[dropcap]I[/dropcap] was still coming down off the high of the papal visit and engrossed in Bishop Thomas J. Olmsted’s exhortation to men when the news broke of yet another school shooting.
This time, it was at a community college in a small town in Oregon where Chris Harper-Mercer, 26, killed nine people and wounded nine others.
Chris Mintz, 30, was shot seven times when he charged straight at Harper-Mercer during the rampage. Mintz, an Army veteran who was determined to stop the gunman even if it meant sacrificing his own life, is recovering from serious injuries.
That’s the kind of heroism we’re beginning to see more of, thank God, as these attacks grab headlines more and more frequently. In August, three American men and other passengers overpowered a would-be attacker from shooting up a train full of innocent people in France.
Men like Chris Mintz and the others who willingly risk their lives to save others exemplify what real men do: run right at the enemy, intent on stopping him and protecting the innocent.
Not every enemy we face is carrying a gun though. More often, it’s a spiritual enemy we face, one who is just as deadly and who is determined to destroy us. We must not allow him to succeed.
Bishop Olmsted’s letter to men is a call to battle, a call to fearlessly embrace the struggle for holiness through self-denial and self-mastery. When men do that, they help lead their families closer to Christ. When they don’t, families flounder. Women and children suffer.
As a wife and the mother of five sons, I am deeply grateful that our bishop is calling on men to take up arms and get serious about holiness. Our society is in the midst of a crisis of manhood, and the Church is feeling its effects keenly. Bishop Olmsted’s letter faces the problem squarely.
“Do not hesitate to engage in the battle that is raging around you,” the letter implores. The world is under attack by Satan, and many men have been unwilling to step into the breach, Bishop Olmsted writes.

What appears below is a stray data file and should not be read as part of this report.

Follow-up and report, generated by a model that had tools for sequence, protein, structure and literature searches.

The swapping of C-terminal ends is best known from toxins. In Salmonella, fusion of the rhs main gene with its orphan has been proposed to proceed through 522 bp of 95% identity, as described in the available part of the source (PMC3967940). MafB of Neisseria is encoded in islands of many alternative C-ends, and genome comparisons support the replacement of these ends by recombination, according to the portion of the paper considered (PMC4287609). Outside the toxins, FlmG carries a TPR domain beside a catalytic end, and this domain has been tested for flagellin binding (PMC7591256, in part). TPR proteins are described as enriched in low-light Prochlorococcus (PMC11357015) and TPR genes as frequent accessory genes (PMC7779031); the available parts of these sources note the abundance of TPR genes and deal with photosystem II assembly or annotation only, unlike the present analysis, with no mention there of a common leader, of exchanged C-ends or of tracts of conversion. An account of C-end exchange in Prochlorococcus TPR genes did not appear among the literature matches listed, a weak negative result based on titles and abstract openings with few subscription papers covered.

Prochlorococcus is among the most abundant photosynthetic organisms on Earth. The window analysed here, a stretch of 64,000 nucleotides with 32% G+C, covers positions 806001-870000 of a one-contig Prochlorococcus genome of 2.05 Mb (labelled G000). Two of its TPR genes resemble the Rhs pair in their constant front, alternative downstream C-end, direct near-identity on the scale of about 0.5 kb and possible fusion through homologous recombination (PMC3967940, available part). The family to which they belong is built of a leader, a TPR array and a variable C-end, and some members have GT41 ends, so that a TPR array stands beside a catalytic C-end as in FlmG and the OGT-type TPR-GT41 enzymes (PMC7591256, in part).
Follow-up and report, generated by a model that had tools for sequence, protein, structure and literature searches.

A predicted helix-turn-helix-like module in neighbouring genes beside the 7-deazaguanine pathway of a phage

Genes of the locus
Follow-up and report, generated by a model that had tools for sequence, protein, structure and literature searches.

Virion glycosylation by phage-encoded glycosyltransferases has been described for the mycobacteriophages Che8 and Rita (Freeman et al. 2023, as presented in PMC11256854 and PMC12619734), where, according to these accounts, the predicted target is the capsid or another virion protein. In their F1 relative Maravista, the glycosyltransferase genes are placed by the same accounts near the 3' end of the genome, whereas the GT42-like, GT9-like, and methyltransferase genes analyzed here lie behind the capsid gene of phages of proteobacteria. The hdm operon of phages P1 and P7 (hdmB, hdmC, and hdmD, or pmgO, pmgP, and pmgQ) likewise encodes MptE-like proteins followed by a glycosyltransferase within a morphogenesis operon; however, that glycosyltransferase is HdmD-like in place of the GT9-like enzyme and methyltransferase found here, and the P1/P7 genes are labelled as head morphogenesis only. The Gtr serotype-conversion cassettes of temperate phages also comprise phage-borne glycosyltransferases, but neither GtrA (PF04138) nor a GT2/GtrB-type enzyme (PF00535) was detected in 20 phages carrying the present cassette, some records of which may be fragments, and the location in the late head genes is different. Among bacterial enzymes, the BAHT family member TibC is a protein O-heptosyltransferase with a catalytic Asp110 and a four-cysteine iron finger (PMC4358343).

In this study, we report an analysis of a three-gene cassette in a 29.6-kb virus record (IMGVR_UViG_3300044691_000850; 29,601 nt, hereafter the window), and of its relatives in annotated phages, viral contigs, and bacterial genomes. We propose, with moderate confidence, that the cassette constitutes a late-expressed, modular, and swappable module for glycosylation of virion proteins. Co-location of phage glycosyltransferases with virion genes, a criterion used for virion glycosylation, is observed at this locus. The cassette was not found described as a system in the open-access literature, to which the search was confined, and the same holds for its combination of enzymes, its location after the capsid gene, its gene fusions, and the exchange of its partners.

To every woman out there who’s prayed and hoped her husband would “man-up” and be the spiritual leader of the family, I say, get him to read this letter and pray he will do so with an open heart.
Bishop Olmsted offers practical advice, and he also holds up spiritual heroes for men to emulate. Some of them faced mortal danger the way Chris Mintz did.
St. Maximillian Kolbe is one such hero. A prisoner at Aushwitz, he voluntarily took the place of another prisoner who was to be starved to death by the Nazis. St. Thomas More is another. A 16th-century statesman loyal to the pope, he was beheaded for refusing to acknowledge the king of England as the head of the Church.
It’s interesting to note here that Chris Mintz, St. Maximillian Kolbe and St. Thomas More all shared one common trait: they trained hard for battle. Mintz was an Army combat vet. St. Maximillian Kolbe and St. Thomas More each practiced stern self-denial and had intense prayer lives. Without such preparation and mental toughness, none of these men would have had the courage to face lethal danger. That kind of bravery is something that isn’t done on a whim. Instead, it’s the fruit of someone who has developed the virtue of courage through self-sacrifice.
In a self-indulgent era in which real heroes are rare, it’s refreshing to hear this call to arms, this recognition that we are in the midst of a battle for our souls. Our men need to be encouraged to fight for their families by first conquering themselves and surrendering to God.
Bishop Olmsted’s letter ought to be read and studied by all Catholic men and women. On behalf of women everywhere, I say bravo. We need our men to accept this challenge to be the fighters God created them to be.